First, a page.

Claim made by the applicant under section 60 of the Workers Compensation Act 1987 (1987 Act) for the costs associated with the fitting of digital binaural hearing aids; whether digital binaural hearing aids are reasonably necessary treatment is in issue; Held – digital binaural hearing aids are reasonably necessary treatment resulting from work-related hearing loss and tinnitus; the respondent is to pay the costs associated with the fitting of digital binaural hearing aids in accordance with section 60 of the 1987 Act.
Decision date: 31 January 2022| Member: Jacqueline Snell
Respondent denied liability to applicant's left elbow and lumbar spine; applicant referred to doctor within hours of injury, completed an incident form on the respondent's letterhead, was given a rehabilitation plan on the date of injury, and attended physiotherapy the following week; whether inconsistencies in the contemporaneous evidence affected the applicant's onus; applicant's credit attacked as to alleged contrast in still photographs taken during video examination and surveillance of applicant turning his head whilst driving, and he was also seen attending a gym when he had told his qualified specialist that he had given up going to the gym; Held - as the incident form mention the lumbar spine, and as the left forearm was immediately x-rayed on the day of injury, the respondent's submissions regarding contemporaneous material were posed with an eye too keenly attuned to the perception of error; Qannadian v Bartter Enterprises Pty Limited applied; credit issues regarding surveillance not relevant as to whether injury had occurred in view of contemporaneous material, applicant’s explanation accepted in any event; matter referred to medical assessor on all injuries.
Decision date: 31 January 2022| Member: John Wynyard
Claim for weekly payments and medical expenses including proposed surgery to cervical spine; injury allegation nature and conditions of employment and specific work incidents; bilateral carpel tunnel syndrome and cervical spine injuries; prior certificate of determination – consent order with notation that respondent pay voluntary weekly payments; Held - applicant not estopped from claim weekly payments for whole period including matters subject of prior notation; authorities including Almario v Carrington Constructions Pty Ltd, Rose v Health Commission (NSW) andDiab v NRMA Ltd discussed; no findings and admissions to prevent applicant re-agitating weekly payments claimed; preponderance of medical opinion supports applicant’s incapacity, cervical spine and bilateral wrist injuries and reasonable necessity for surgery; no determination by the Commission so no estoppel; award in favour of applicant for weekly payments including declaration for section 60 of the Workers Compensation Act 1987 expenses and future cervical spine surgery.
Decision date: 31 January 2022| Member: Philip Young
Miscellaneous application filed by uninsured employer in response to demand by icare for payment of workers compensation benefits made to worker; employer claims the injury sustained by the worker was a disease injury and contribution can be made by third respondent who employed the worker in the 12 months prior to the injury, pursuant to section 16(2) of the Workers Compensation Act 1987 (1987 Act); icare and worker contend that the injury was as provided for by section 4(a) of the 1987 Act and not a disease injury; reference to Perry v Tanine Pty Ltd trading as Ermington Hotel, Australian Conveyor Engineering Pty Ltd v Mecha Engineering Pty Ltd, and NSW Police Force v Gurnhill; different calculations of what should have been paid in weekly payments of compensation to the worker; whether employer required to pay weekly benefits made to worker pursuant to section 38 of the 1987 Act; Held – injury sustained by the worker pursuant to section 4(a) of the 1987 Act, and not a disease injury; no contribution to be paid by the third respondent; order for employer to make payment to icare pursuant to section 145 of the 1987 Act, including payments made pursuant to section 38 of the 1987 Act.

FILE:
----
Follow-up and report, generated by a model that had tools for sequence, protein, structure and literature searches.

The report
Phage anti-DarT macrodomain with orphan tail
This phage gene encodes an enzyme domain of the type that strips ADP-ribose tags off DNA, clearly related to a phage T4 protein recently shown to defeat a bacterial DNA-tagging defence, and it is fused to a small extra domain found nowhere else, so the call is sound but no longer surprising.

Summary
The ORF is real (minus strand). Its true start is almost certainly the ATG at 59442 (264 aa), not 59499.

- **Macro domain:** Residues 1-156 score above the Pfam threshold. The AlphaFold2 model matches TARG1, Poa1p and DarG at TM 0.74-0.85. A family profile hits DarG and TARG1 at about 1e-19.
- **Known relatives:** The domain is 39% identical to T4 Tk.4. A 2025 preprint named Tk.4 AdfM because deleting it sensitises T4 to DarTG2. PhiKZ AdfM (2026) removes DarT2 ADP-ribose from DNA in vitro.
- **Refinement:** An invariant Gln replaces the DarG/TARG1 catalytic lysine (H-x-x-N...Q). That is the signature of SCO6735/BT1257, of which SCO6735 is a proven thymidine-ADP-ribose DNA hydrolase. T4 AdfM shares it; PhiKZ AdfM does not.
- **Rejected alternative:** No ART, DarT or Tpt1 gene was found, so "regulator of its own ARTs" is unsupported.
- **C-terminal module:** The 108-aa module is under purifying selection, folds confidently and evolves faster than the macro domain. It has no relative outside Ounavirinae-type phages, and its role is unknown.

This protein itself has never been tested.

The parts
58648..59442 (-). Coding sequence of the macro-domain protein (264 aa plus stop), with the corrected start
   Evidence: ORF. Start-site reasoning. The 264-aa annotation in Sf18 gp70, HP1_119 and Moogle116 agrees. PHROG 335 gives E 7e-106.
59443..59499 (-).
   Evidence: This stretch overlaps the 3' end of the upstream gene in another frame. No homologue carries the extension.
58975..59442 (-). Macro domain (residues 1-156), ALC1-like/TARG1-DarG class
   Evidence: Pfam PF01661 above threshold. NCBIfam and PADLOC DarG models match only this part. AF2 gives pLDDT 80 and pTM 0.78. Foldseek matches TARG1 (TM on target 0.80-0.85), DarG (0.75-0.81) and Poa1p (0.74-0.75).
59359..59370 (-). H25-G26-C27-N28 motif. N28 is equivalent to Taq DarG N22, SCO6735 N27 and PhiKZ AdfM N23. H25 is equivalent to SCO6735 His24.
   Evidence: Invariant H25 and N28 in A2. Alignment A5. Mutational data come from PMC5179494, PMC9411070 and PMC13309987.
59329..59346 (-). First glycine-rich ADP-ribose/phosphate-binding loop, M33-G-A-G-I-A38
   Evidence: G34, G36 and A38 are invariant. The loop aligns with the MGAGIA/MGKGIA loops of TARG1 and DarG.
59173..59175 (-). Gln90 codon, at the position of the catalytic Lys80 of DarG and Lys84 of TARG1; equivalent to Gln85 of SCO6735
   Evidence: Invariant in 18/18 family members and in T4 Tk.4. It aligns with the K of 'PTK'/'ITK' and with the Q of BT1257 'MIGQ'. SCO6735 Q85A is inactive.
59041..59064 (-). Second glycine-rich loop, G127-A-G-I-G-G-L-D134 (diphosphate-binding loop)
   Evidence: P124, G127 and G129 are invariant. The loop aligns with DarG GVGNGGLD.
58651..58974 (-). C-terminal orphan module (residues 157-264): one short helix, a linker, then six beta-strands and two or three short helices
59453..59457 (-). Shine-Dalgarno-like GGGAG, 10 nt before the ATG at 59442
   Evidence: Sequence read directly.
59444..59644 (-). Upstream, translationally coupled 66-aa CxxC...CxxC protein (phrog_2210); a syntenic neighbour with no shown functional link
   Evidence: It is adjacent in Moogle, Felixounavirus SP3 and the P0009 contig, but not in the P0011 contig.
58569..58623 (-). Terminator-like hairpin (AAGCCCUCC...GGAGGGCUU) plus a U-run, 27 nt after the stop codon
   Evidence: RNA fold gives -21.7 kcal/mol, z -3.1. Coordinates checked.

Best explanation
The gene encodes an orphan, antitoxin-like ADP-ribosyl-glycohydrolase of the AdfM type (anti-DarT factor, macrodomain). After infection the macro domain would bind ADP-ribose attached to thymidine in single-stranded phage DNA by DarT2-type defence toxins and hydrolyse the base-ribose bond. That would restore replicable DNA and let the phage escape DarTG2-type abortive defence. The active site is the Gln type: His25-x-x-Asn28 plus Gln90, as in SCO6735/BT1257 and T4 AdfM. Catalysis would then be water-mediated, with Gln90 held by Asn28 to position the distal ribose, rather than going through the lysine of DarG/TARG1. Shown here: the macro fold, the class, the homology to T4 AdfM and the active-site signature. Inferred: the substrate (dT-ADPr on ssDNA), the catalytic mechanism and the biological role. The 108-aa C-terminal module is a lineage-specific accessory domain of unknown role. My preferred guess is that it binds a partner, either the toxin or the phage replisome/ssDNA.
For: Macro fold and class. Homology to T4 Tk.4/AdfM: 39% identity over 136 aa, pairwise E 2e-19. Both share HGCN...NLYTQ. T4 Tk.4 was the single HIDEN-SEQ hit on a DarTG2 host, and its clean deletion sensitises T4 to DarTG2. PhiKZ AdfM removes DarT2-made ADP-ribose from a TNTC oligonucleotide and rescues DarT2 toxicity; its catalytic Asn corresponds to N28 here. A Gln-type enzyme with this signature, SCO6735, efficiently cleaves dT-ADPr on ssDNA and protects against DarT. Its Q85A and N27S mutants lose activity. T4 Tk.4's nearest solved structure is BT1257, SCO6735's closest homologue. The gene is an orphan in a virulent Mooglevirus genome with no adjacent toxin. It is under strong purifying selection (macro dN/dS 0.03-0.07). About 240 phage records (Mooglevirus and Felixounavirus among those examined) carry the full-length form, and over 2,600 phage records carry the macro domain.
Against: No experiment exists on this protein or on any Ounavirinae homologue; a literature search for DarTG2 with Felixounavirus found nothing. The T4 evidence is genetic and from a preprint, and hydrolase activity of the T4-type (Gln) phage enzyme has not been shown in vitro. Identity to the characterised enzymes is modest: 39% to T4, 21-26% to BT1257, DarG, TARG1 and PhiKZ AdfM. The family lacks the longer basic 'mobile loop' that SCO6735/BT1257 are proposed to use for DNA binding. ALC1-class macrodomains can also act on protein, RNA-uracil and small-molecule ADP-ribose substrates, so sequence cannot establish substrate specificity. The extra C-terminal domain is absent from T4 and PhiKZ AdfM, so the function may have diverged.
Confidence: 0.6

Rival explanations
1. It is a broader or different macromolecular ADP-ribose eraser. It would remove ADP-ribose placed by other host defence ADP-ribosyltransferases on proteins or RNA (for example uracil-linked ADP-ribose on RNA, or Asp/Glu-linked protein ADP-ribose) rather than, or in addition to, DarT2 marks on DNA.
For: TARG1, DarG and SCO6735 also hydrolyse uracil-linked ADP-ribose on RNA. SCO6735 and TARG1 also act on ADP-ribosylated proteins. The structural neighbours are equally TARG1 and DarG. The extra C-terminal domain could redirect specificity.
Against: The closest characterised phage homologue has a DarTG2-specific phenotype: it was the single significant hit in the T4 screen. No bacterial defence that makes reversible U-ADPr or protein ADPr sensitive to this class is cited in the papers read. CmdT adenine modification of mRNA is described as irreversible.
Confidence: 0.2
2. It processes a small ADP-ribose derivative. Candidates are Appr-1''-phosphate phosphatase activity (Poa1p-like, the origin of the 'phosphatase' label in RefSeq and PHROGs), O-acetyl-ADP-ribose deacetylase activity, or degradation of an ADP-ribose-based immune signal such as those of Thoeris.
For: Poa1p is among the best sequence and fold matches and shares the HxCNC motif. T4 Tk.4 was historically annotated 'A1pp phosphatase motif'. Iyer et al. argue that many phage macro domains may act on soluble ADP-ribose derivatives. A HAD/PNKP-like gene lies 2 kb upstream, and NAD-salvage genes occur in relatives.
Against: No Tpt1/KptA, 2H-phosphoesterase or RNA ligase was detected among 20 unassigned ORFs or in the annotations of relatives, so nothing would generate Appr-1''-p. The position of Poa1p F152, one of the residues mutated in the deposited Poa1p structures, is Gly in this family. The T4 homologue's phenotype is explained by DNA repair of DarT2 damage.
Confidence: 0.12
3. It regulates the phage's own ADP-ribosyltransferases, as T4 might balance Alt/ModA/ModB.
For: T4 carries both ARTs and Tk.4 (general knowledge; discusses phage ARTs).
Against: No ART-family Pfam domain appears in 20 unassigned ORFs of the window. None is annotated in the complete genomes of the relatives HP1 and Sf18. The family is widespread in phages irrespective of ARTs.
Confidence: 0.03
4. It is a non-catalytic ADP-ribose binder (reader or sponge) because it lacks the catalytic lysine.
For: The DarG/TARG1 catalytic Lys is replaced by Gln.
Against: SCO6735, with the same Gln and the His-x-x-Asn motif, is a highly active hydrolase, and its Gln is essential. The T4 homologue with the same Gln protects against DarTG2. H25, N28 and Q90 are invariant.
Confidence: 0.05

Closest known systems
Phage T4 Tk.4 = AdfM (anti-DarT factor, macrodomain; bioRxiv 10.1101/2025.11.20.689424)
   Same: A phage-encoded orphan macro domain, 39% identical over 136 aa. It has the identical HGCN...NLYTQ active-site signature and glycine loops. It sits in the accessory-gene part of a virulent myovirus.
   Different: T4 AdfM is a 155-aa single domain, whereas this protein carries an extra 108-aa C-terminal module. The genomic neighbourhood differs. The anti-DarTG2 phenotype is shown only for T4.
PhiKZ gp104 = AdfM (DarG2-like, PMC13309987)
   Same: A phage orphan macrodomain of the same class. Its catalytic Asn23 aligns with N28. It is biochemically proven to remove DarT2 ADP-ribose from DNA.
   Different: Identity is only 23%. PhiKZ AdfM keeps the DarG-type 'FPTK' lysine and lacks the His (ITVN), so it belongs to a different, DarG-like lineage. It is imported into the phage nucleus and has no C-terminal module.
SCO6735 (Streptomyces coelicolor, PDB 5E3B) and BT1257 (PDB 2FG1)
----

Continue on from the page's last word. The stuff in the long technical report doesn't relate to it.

Decision date: 2 February 2022| Member: John Isaksen
Workers Compensation Medical Appeal Panel Decisions
Appellant challenged finding by the Medical Assessor (MA) that the worker suffered from Complex Regional Pain Syndrome (CRPS); Panel accepted that on the face of it there appeared to be some errors in the MA’s assessment failing to follow Table 17.1 of the NSW Workers Compensation Guidelines for the Evaluation of Permanent Impairment, 4th ed 1 April 2016; re-examination required; Held - Panel found the criteria in each of the Sections 1, 2, 3 and 4 in Table 17.1 are satisfied and the diagnosis CRPS 1 is made; Medical Assessment Certificate confirmed.
Decision date: 31 January 2021| Panel Members: Member Deborah Moore, Dr J Brian Stephenson and Dr Drew Dixon | Body system: Right upper extremity
This publication is for information only. The publication is not legal advice. The information provided is not a substitute for reading the decisions. The Commission does not accept liability for the information in this publication or for way the information is used.